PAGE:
How does the compiler do with this code? - Linux

This is a discussion on How does the compiler do with this code? - Linux ; Random832 wrote: >2006-12-19 , >Floyd L. Davidson wrote: >>>>>> Actually it would be assumed to be >>>>>> >>>>>> int printf( const char * restrict format, ... ); >>> >>>If, as I suspect, you don't actually believe that, it would be ...

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Thread: How does the compiler do with this code?

  1. Re: How does the compiler do with this code?

    Random832 wrote:
    >2006-12-19 <8764c8kaob.fld@apaflo.com>,
    >Floyd L. Davidson wrote:
    >>>>>> Actually it would be assumed to be
    >>>>>>
    >>>>>> int printf( const char * restrict format, ... );
    >>>
    >>>If, as I suspect, you don't actually believe that, it would be better to
    >>>plead temporary inanity than to claim that those words somehow mean
    >>>something that is true. [1]
    >>>
    >>>[1] Added emoticon so you don't think i'm trying to insult you

    >>
    >> The words are true. The only place where the parameter list is
    >> expected to conform to any specific prototype will be when the
    >> arguments are handed to the actual function. *THAT* is what the
    >> printf function is going to assume.

    >
    >WE ARE NOT TALKING ABOUT WHAT THE PRINTF FUNCTION WILL ASSUME!


    We are talking about why code "can be compiled, linked and run".

    >we are
    >talking about what the compiler will assume when it sees a call to
    >printf. I don't know how I can make this more clear. I don't know how it
    >was unclear in the first place. I think you're being deliberately
    >obtuse.


    What is obtuse about responding to the topic, and not igoring the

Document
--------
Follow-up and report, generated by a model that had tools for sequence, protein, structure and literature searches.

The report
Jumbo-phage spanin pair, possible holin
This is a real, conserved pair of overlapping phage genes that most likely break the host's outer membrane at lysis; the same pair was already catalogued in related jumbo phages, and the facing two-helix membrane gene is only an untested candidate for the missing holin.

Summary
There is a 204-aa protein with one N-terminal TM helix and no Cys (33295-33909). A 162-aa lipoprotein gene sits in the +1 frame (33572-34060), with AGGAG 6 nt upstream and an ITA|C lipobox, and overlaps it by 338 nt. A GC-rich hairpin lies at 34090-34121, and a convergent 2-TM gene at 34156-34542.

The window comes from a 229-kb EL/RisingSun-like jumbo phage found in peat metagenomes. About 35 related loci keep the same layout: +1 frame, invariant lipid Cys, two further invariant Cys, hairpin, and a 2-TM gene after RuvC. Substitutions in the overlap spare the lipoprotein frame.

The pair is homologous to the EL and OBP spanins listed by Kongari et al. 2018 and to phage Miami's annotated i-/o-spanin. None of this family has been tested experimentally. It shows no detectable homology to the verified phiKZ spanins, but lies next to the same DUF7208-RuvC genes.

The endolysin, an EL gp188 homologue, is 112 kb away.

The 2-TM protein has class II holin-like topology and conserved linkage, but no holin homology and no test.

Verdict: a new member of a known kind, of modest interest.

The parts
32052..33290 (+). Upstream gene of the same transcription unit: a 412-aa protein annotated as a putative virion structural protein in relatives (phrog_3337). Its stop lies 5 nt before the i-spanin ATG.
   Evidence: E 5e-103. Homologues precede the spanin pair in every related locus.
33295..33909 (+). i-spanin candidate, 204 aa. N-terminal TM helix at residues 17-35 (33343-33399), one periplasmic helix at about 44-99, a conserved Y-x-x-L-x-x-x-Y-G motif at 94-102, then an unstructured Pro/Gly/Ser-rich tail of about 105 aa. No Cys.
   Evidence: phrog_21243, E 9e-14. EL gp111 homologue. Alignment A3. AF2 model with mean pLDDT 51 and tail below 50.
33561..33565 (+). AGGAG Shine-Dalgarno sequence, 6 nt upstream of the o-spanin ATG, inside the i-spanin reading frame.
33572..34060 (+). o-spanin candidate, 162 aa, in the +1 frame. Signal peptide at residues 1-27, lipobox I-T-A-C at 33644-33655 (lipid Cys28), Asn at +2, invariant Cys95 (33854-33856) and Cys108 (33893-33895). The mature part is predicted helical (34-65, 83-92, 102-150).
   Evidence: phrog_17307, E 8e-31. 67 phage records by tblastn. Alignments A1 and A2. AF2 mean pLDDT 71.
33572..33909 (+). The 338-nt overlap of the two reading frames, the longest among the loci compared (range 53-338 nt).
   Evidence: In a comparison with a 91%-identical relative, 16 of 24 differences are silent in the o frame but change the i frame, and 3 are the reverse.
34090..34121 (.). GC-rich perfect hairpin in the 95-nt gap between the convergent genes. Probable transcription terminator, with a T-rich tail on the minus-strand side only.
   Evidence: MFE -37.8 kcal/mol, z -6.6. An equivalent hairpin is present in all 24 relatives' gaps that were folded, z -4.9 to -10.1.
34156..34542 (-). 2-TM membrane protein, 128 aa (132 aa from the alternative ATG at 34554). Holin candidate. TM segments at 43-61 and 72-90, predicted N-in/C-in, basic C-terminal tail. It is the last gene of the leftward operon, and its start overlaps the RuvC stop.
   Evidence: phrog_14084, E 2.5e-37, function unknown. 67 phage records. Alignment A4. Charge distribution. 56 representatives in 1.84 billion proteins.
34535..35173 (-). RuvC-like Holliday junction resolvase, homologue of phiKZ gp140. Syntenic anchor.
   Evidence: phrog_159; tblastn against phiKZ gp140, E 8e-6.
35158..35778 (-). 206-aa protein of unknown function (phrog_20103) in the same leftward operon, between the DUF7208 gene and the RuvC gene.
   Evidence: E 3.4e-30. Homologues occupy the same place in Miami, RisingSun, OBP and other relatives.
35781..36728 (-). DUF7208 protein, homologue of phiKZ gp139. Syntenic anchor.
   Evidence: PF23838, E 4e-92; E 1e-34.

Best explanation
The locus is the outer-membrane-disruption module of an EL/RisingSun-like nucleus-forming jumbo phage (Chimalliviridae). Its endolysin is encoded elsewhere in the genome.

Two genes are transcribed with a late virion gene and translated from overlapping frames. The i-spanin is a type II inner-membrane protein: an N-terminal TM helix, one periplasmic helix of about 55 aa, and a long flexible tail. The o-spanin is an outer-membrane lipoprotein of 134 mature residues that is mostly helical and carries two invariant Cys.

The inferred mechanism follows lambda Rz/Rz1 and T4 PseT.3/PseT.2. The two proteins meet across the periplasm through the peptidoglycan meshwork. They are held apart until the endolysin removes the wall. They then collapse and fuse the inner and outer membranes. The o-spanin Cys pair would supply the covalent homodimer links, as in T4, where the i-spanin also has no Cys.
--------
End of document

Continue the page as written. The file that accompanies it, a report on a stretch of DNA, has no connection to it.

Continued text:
most significant part of it?

    >I can't explain this any better than I already have.


    Yes. It still misses the point.

    --
    Floyd L. Davidson
    Ukpeagvik (Barrow, Alaska) floyd@apaflo.com

  2. Re: How does the compiler do with this code?

    2006-12-19 <87wt4oiue0.fld@apaflo.com>,
    Floyd L. Davidson wrote:
    > Random832 wrote:
    >>2006-12-19 <8764c8kaob.fld@apaflo.com>,
    >>Floyd L. Davidson wrote:
    >>>>>>> Actually it would be assumed to be
    >>>>>>>
    >>>>>>> int printf( const char * restrict format, ... );
    >>>>
    >>>>If, as I suspect, you don't actually believe that, it would be better to
    >>>>plead temporary inanity than to claim that those words somehow mean
    >>>>something that is true. [1]
    >>>>
    >>>>[1] Added emoticon so you don't think i'm trying to insult you
    >>>
    >>> The words are true. The only place where the parameter list is
    >>> expected to conform to any specific prototype will be when the
    >>> arguments are handed to the actual function. *THAT* is what the
    >>> printf function is going to assume.

    >>
    >>WE ARE NOT TALKING ABOUT WHAT THE PRINTF FUNCTION WILL ASSUME!

    >
    > We are talking about why code "can be compiled, linked and run".


    The topic drifted. You were deliberately obtuse in taking a post that
    was talking about something different though related, and wrenching it
    back to the now incorrect context.

  3. Re: How does the compiler do with this code?

    Random832 wrote:
    >2006-12-19 <87wt4oiue0.fld@apaflo.com>,
    >Floyd L. Davidson wrote:
    >> Random832 wrote:
    >>>2006-12-19 <8764c8kaob.fld@apaflo.com>,
    >>>Floyd L. Davidson wrote:
    >>>>>>>> Actually it would be assumed to be
    >>>>>>>>
    >>>>>>>> int printf( const char * restrict format, ... );
    >>>>>
    >>>>>If, as I suspect, you don't actually believe that, it would be better to
    >>>>>plead temporary inanity than to claim that those words somehow mean
    >>>>>something that is true. [1]
    >>>>>
    >>>>>[1] Added emoticon so you don't think i'm trying to insult you
    >>>>
    >>>> The words are true. The only place where the parameter list is
    >>>> expected to conform to any specific prototype will be when the
    >>>> arguments are handed to the actual function. *THAT* is what the
    >>>> printf function is going to assume.
    >>>
    >>>WE ARE NOT TALKING ABOUT WHAT THE PRINTF FUNCTION WILL ASSUME!

    >>
    >> We are talking about why code "can be compiled, linked and run".

    >
    >The topic drifted. You were deliberately obtuse in taking a post that
    >was talking about something different though related, and wrenching it
    >back to the now incorrect context.